Igor Aleksandrovich Dashkevich was a political activist from Saint Petersburg who was involved in establishing independent trade unions and independent political and trade union publications during and immediately after the collapse of the Soviet system.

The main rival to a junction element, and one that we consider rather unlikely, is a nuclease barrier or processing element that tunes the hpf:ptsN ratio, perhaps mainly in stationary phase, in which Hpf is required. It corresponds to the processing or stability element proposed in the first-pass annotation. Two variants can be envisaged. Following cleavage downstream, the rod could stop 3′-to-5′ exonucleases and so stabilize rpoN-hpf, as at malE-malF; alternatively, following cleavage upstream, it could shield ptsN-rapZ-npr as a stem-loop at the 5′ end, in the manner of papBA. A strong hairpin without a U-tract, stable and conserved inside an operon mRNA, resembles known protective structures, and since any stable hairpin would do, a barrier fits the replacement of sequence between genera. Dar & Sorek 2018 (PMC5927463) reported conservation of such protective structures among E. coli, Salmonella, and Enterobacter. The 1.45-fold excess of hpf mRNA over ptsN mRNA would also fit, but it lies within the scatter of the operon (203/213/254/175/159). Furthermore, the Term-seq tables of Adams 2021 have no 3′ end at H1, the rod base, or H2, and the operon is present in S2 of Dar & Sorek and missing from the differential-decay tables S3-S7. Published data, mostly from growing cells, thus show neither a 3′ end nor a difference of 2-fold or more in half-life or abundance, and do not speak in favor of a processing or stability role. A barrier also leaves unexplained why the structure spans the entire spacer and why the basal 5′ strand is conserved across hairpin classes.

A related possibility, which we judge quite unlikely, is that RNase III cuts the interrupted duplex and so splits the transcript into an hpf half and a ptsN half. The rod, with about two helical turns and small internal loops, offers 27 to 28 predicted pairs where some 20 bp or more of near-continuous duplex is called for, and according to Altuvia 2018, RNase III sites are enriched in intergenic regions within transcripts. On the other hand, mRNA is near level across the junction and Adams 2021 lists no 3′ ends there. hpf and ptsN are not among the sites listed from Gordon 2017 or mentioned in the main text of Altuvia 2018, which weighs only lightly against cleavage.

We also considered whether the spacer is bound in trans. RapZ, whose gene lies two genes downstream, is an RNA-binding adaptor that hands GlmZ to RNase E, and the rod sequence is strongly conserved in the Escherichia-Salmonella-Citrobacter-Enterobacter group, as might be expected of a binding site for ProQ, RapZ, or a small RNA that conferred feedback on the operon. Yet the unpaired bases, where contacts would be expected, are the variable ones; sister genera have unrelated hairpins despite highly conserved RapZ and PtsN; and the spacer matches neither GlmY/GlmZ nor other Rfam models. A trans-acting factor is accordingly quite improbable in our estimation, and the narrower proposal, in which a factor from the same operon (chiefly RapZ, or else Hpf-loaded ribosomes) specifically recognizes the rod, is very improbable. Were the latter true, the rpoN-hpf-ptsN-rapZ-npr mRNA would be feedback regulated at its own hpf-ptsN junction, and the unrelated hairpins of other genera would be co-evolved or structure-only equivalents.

His papers include personal and biographical documents, correspondence, and published and unpublished manuscripts. The collection documents the changing nature of samizdat publishing during the final years of Soviet rule and the emergence of an independent press, with a wealth of materials on dissident life in Leningrad in the 1980s, reflected in memoirs, interviews, samizdat publications, and other documents collected by Dashkevich. As representative of the AFL-CIO in Saint Petersburg from 1993 to 1996, Dashkevich played an important role in uniting independent labor unions in the mid-1990s: so many had sprung up by that time that no one could keep track of them. Through his periodical, Nezavisimyi rabochii vestnik (Independent Worker’s Herald), Dashkevich maintained contact with those trade unions and published a field guide to them, making it possible for their leaders to contact one another other and seek ways to create a united labor front in Saint Petersburg. The collection also includes information on workers’ protests in the early 1990s, including Saint Petersburg teachers’ strikes (1991-92). Another side of his activity is seen in the materials relating to the Rubicon Library as he attempted to document the newly burgeoning free press and publications by independent organizations and preserve their printed material in Western libraries. The latest documents in the collection relate to Dashkevich’s arrest for participating in political protests in 2007.